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Tuesday, November 28, 2023

IMF urges policymakers to `act now’ to address global crisis

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Ms Kristalina Georgieva, the Managing Director, International Monetary Fund (IMF) has urged policymakers to urgently “act now and act together’’ to address the global crisis.

Georgieva said this in her opening remarks at the IMF/World Bank Group Annual Meetings 2022 news conference held in Washington DC.

A copy of the managing director’s speech was obtained by the News Agency of Nigeria (NAN) from the IMF’s website on Friday.

“As we gather, we face a difficult global environment. The world economy has been hit by one shock after another, COVID, Russia’s invasion of Ukraine, and climate disasters on every continent.’’

She said these shocks had continued to harm people’s lives, and caused a cost-of-living crisis, adding that repeated shocks and growth setbacks raised a bigger question.

“Are we experiencing a fundamental economic shift in the world economy from a world of relative predictability and stability, to greater uncertainty and volatility?

“What does this mean for policymakers? It is a much more complex time, which requires steady hands at the policy levers.

“That brings me to our Global Policy Agenda. Let me give you a few highlights. We are appealing to policymakers to act with a sense of urgency now and to act together.

“We see very clear areas where we can do better, even in this more complex environment.’’

Georgieva said the first thing was to bring inflation down, saying that rising interest rates came at a cost to growth.

“But we also know that not tightening enough to put a leash on inflation would mean interest rates staying higher for longer, resulting in even more harm to growth and people.’’

She said for central banks, this meant taking decisive action when necessary, and communicating clearly.

Georgieva said the second step was to “act now’’ to put in place responsible fiscal policy, adding that protecting vulnerable households and businesses must be prioritised.

“But we have to do that at a time when fiscal buffers are exhausted because of the pandemic and levels of debt are very high. The obvious conclusion is that policy measures need to be temporary and well-targeted.’’

She said policymakers should steer away from across-the-board fiscal support that is neither effective nor affordable.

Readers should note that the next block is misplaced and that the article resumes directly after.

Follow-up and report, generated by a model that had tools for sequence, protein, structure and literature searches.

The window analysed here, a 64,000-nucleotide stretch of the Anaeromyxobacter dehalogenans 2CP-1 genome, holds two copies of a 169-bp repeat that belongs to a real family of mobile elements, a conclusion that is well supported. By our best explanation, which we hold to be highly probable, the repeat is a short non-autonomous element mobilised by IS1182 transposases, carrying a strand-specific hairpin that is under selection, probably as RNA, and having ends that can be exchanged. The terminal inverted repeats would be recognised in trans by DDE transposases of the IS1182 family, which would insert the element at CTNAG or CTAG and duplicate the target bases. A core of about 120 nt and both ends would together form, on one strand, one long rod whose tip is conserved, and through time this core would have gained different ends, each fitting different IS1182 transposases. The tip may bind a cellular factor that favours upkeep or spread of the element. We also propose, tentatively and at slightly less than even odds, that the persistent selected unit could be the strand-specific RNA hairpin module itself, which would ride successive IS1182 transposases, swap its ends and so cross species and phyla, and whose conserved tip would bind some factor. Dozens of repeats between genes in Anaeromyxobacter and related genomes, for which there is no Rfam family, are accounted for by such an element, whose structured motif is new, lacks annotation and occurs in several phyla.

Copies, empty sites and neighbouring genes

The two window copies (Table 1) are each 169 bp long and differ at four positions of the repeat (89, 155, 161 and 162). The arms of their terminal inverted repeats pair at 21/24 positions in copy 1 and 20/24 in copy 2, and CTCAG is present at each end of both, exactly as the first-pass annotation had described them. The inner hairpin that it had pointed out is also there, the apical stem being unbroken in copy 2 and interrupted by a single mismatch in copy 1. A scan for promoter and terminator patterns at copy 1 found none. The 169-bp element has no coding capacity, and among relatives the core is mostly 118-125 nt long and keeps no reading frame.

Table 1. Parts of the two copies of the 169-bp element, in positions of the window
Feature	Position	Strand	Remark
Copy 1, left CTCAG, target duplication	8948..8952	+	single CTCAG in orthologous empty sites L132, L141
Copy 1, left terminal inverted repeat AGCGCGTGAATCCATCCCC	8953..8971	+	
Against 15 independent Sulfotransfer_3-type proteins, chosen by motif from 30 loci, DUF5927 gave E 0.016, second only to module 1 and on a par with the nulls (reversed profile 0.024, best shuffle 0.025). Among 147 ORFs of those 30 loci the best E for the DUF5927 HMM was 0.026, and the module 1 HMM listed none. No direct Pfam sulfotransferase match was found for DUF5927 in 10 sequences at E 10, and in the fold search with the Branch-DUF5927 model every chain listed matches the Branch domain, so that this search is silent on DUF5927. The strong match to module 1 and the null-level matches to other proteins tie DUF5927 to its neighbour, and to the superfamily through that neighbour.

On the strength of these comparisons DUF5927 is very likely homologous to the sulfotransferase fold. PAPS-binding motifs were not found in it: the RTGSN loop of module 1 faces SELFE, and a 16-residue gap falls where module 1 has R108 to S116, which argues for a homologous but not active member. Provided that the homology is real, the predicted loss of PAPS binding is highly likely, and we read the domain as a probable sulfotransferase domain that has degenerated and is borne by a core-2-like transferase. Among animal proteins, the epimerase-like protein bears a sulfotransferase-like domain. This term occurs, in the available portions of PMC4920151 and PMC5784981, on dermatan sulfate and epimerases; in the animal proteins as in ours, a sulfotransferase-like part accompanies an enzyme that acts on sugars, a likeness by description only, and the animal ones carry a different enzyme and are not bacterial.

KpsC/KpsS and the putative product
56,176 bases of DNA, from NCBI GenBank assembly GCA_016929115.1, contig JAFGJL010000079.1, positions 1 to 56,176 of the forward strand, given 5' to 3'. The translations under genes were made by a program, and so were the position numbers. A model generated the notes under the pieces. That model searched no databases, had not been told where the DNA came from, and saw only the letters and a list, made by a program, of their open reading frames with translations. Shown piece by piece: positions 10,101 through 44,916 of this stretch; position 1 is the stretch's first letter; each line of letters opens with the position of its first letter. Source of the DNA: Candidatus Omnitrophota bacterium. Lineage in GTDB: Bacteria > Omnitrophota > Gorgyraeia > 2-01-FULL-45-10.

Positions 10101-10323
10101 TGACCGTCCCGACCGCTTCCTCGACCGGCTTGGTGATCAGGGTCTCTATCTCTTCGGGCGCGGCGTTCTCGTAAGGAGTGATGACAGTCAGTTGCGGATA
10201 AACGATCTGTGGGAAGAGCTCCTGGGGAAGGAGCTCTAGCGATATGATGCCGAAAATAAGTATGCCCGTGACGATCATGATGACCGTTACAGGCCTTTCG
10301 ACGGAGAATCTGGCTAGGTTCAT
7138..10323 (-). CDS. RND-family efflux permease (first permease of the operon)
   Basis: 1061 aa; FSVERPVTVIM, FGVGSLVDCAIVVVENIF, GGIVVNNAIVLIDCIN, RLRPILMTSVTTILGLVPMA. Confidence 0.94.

According to her, if we are to help people and fight inflation, we must ensure that fiscal and monetary policies go hand in hand.

“When monetary policy hits the brakes, fiscal policy should not step on the accelerator that would make for a very dangerous ride.’’

Georgieva said the third step was for policymakers to act now to safeguard financial stability, particularly as there were rising financial sector risks.

“Macro prudential policies need to be even more vigilant and proactively address pockets of vulnerability. In this environment, we also must support vulnerable emerging markets and developing countries.

“It is tough for everybody, but it is even tougher for countries that are now being hit by a stronger dollar, high borrowing costs, and capital outflows, a triple blow that is particularly heavy for countries that are under a high level of debt.’’

She said transformational reforms were needed to address climate change, make digitisation work for people, and address inequality.

“To confront these issues, we must act with a sense of urgency now, and we must act together. The IMF is working with our 190 members on these issues.

“Our economic analysis is front and centre to help countries navigate this complex environment and avoid policy mistakes.’’

The managing director said since the pandemic began, the fund had provided 260 billion dollars in financial support to 93 countries.

She said that since Russia’s invasion of Ukraine, the IMF had supported 18 new and augmented programmes with close to 90 billion dollars, and 28 additional countries were expressing interest in receiving support from the fund.

“That comes on top of the 650 billion dollars Special Drawing Rights (SDR) allocation. We have an ambition of 100 billion dollars of on-lending of SDRs from countries in a strong position.

“Where are we? We have just crossed over 80 billion dollars, and we are determined to reach the target in the coming months.’’

Georgieva said the IMF had created its first ever long-term financing instrument to support the transformation of economies called the Resilience and Sustainability Trust which was now operational.

“We have pledges of 40 billion dollars, and staff-level agreements for the first three countries: Barbados, Costa Rica, and Rwanda.’’

She said for countries suffering from the food crisis, the fund had expeditiously opened emergency financing called the Food Shock Window to provide rapid financing for urgent needs.

The managing director said the IMF was pressing for a more effective debt resolution mechanism.

According to her, we want the G20 Common Framework to become more predictable, with clear guidelines and equality of treatment for all creditors, public and private.

“We are also looking for ways to expand that kind of donor coordination to middle-income countries, such as Sri Lanka.

“We must act urgently, and act together to make a difference in the lives of hundreds of millions of people.’’ (NAN)

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